The Healthy, Hunger-Free Kids Act of 2010 signed by President Obama in late 2010 reauthorized funding for school lunch programs. A key piece of the legislation that has churned the dairy industry ever since was the limitation on milk served to nonfat white and flavored milk or 1 percent white milk. By 2012, low-fat flavored milk was no longer an option in the school meal programs.  

Recent  legislation and an  interim final rule  seek to reverse this trend by allowing schools to offer low-fat flavored milk, in addition to the current offering of fat-free flavored milk, to participants in the federal school lunch and breakfast programs through the 2018-2019 school year. Today's article reviews trends in fluid milk sales and considers the on-farm financial implications associated with higher fluid milk consumption.   
Undercover Animal Abuse Video Released from Fourth Florida Dairy

A fourth dairy farm in Florida has been accused of animal abuse after an animal rights group released an undercover video.

Animal Recovery Mission, a Miami-based animal rights group, alleges the abuse happened at Davie Dairy near Okeechobee in July and September. The group also says the alleged abuse happened prior to Hurricane Irma.   Read more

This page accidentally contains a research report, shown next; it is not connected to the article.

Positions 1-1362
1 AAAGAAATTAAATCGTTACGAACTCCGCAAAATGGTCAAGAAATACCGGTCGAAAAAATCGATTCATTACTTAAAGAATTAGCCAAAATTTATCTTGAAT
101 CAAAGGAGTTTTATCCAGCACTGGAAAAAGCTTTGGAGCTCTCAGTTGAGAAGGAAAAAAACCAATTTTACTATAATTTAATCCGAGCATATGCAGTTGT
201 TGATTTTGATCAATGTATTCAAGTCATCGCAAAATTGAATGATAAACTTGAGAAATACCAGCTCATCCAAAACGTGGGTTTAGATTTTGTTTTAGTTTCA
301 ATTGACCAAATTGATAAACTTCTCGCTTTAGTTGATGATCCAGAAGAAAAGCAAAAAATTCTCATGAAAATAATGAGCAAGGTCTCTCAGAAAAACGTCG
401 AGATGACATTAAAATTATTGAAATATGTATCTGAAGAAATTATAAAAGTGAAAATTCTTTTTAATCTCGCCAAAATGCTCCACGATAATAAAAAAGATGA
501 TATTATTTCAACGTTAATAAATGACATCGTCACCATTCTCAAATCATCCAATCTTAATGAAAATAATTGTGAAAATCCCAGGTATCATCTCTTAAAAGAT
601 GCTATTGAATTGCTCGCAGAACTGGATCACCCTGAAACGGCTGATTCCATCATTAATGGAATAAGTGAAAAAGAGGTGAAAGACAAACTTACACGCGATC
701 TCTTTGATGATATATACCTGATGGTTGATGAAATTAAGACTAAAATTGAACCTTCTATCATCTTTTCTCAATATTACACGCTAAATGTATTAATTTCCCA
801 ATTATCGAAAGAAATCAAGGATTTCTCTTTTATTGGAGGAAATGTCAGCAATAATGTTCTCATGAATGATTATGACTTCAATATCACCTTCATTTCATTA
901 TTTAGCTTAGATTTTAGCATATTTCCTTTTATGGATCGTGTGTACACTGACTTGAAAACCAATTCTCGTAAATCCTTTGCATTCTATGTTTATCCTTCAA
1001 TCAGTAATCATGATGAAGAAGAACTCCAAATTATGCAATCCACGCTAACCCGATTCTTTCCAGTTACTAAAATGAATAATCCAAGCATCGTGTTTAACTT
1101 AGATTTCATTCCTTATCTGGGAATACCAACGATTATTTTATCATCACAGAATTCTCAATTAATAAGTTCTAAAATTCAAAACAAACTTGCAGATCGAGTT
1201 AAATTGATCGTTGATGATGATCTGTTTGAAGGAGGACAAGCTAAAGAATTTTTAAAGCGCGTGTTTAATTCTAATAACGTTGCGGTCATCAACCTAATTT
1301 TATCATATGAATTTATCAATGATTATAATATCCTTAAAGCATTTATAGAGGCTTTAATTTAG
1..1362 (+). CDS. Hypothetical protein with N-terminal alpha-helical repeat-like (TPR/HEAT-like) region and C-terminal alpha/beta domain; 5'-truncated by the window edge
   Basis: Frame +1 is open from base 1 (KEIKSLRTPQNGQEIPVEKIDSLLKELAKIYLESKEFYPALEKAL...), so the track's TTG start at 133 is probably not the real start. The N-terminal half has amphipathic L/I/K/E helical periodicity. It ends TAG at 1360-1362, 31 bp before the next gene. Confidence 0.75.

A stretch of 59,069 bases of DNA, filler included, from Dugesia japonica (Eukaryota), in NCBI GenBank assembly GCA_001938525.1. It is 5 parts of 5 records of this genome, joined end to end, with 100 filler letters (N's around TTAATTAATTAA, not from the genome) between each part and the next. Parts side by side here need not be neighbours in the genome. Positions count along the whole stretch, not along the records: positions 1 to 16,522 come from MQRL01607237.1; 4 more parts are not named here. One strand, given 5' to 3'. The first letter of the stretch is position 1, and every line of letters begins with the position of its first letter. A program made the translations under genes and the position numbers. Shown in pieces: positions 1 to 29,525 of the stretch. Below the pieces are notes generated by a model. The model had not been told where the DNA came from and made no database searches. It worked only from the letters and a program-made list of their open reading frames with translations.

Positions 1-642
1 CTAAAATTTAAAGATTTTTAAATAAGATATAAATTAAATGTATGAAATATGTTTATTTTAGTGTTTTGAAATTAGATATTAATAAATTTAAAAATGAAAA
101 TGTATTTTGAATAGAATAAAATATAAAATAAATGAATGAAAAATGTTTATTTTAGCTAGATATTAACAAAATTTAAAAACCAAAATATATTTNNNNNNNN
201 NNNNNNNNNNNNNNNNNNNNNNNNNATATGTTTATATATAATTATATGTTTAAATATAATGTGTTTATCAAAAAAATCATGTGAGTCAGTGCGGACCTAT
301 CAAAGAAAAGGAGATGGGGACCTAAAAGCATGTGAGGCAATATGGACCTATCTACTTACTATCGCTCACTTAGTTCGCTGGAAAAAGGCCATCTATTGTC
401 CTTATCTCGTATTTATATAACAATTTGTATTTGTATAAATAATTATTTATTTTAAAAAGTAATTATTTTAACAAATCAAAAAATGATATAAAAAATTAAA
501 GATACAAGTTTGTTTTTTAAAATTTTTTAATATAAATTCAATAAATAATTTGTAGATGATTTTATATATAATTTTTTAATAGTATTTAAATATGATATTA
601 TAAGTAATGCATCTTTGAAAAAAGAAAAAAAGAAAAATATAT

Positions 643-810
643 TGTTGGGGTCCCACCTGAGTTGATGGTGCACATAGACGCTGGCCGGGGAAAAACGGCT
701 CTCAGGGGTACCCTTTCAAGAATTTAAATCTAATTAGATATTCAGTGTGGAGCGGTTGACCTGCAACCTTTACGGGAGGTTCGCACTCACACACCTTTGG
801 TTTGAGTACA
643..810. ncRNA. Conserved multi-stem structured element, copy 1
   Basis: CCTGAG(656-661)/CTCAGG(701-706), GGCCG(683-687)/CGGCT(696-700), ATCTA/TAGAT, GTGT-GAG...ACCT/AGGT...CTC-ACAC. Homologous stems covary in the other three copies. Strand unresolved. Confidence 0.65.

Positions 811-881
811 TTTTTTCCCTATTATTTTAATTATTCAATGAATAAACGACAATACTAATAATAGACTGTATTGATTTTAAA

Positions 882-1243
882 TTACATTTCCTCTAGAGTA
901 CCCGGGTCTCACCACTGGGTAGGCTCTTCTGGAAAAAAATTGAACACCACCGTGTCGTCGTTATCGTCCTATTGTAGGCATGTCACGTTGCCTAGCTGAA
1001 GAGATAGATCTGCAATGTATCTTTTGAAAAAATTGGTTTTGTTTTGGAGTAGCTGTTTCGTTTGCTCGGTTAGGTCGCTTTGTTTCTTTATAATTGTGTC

NFU: Disaster aid package offers first steps for cotton, dairy fixes
From Wisconsin State Farmer

The U.S. House Appropriations Committee unveiled an $81 billion disaster aid package on Dec. 18 that includes important provisions for cotton growers and limited support for dairy producers. Farmers in both industries are in need of appropriations fixes prior to the start of the next farm bill. 
Certified waster operators can receive one certified waste operator continuing education credit hour during the Georgia Dairy Conference.  To obtain your attendance certificate, you must  attend Dr. Joe Harner's presentation, titled Economics of Various Manure Systems,
 on Tuesday, January 16 at 8:45 a.m.

Veterinarians attending the 2018 Georgia Dairy Conference can earn up to five (5)  continuing education credit hours.  Registration and certificate of proof  can be found at the UGA Veterinary Diagnostic Lab exhibit table in the GDC Trade Show.